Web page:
Guide : How to Determine the Clarity and Color of Diamonds

Soualy Guide : How to Determine the Clarity and Color of Diamonds

Clarity and color are two of the most important quality characteristics of a diamond. But is there a way you can determine their grades for a particular stone? Let’s see how diamond clarity and color are graded, and how you can assess them.

Diamond Clarity Scale

Diamond clarity is graded using letter grades, which indicate how many visible flaws (inclusions) can be detected in a stone when viewed under 10x magnification.


The most common grading scale is that introduced by the GIA (Gemological Institute of America) and consists of the following grades (from highest to lowest clarity):

  • FL (Flawless)
  • IF (Internally Flawless)
  • VVS (Very Very Slightly Included; consists of sub-grades VVS1 and VVS2)
  • VS (Very Slightly Included; has sub-grades VS1 and VS2)
  • SI (Slightly Included; includes sub-grades SI1 and SI2)
  • I (Included; consists of sub-grades I1, I2, and I3)

Determining Diamond Clarity

Assigning a clarity grade to a diamond is done by trained gemologists, who examine the stone under a microscope.

Unless you are a professional jeweler and are using grading equipment, it is very hard to assign an exact clarity grade to a diamond.

However, you could guess the approximate grade of a stone by looking at it with a 10x loupe. Here are some guidelines to help you determine what clarity a diamond has:

If you cannot see any flaws (lines, black spots, or blemishes) inside the stone when looking at it under 10x magnification, then the diamond most likely falls into the FL/IF/VVS1/VVS2 clarity range.

If a diamond doesn’t have visible flaws but you can see some inclusions when looking at it with a jeweler’s loupe or microscope, then the stone has a clarity grade that is probably VS1, VS2 or SI1.

Some of these stones may occasionally have flaws visible with the naked eye, but such inclusions will nevertheless be hard to detect.

Some diamonds have inclusions that are visible to the unaided eye but that are relatively small and/or located towards the edges of the stone.

Such diamonds are likely to be classified as SI2 – they are not clean enough to be considered SI1, but they are also not as visibly included as the stones in the I-clarity range.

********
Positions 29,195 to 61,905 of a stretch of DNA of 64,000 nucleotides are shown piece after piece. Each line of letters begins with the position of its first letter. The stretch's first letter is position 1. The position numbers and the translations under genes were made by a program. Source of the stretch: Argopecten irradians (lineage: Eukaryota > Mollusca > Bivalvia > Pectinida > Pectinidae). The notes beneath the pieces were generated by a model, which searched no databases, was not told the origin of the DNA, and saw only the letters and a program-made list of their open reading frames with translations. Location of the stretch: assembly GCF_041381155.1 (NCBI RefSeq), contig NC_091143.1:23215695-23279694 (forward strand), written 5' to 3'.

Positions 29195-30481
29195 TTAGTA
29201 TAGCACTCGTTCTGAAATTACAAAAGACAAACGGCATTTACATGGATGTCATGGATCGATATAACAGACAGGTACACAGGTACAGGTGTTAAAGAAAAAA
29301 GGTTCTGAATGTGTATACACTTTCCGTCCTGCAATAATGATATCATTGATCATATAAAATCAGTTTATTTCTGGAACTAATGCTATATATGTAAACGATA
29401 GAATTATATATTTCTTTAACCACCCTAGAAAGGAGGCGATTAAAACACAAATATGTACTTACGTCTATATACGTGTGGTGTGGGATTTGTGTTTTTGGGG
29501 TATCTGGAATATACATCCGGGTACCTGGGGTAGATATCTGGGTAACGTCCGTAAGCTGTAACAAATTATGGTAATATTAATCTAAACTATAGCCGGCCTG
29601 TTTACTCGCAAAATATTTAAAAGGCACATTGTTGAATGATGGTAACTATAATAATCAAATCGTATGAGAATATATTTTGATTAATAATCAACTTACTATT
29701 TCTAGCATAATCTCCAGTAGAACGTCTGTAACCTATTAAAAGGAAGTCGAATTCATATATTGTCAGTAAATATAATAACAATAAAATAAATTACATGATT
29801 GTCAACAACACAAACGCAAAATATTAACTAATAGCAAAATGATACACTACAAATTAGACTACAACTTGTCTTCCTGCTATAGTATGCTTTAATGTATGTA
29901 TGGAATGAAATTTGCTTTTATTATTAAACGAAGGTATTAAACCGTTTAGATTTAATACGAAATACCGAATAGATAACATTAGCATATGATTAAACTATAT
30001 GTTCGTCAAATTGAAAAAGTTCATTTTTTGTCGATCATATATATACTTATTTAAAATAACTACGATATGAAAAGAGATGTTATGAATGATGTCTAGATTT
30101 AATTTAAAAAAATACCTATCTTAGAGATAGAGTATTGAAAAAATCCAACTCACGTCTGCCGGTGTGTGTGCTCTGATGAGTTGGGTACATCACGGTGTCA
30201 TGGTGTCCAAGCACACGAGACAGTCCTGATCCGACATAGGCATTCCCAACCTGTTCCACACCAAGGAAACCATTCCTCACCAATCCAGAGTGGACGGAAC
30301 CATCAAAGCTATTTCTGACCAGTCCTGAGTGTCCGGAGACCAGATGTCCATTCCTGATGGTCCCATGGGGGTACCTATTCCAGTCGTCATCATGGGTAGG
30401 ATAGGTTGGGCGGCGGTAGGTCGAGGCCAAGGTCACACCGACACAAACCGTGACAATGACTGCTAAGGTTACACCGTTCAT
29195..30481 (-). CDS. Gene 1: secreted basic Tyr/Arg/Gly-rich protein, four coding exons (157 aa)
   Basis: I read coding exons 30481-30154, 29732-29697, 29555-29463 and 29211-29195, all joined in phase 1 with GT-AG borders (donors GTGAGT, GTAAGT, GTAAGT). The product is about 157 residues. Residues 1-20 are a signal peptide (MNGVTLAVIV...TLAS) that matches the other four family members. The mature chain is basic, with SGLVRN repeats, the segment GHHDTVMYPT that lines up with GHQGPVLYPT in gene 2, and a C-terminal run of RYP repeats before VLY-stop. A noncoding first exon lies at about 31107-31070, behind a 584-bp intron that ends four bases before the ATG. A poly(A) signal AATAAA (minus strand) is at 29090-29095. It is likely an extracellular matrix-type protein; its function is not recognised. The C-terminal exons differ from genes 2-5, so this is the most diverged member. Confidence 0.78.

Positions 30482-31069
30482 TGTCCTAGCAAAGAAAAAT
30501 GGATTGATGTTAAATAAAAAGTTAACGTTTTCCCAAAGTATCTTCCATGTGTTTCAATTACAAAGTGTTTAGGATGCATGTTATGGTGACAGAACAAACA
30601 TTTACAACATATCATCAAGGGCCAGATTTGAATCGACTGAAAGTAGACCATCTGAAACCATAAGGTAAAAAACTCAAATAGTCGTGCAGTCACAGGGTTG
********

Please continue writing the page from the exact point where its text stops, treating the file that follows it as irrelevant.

Finally, stones that have flaws that are relatively big and easily visible to the naked eye would most likely be classified as I1/I2/I3-clarity diamonds.

It should be stressed that it is very hard to determine the exact clarity grade of a diamond just by looking at it unless you are a trained gemologist. For example, there are SI2 diamonds that have so many inclusions that you would think they should really be graded I1; there are VVS1 diamonds that you would say don’t deserve their high grade. Very subtle elements can make a difference when it comes to grade classification.

Diamond Color Scale

Color in diamonds is graded depending on whether a stone has yellow hues and how visible they are.

The GIA classifies diamond color in color groups, which contain individual color grades.

Here are the color groups according to this scale:

  • Colorless (grades D, E, and F)
  • Near Colorless (G, H, I, J)
  • Faint Yellow (K, L, M)
  • Very Light Yellow (N, O, P, Q, R)
  • Light Yellow (from grade S down to Z)

While the name of the group a stone’s color belongs to can give you some idea of how tinted the diamond is, its exact color grade represents a much finer distinction.

How Diamond Color Grading Is Done

Professionals grade diamonds by using a set of so-called “master stones.” A master stone is a diamond that has already been determined to belong to a certain grade.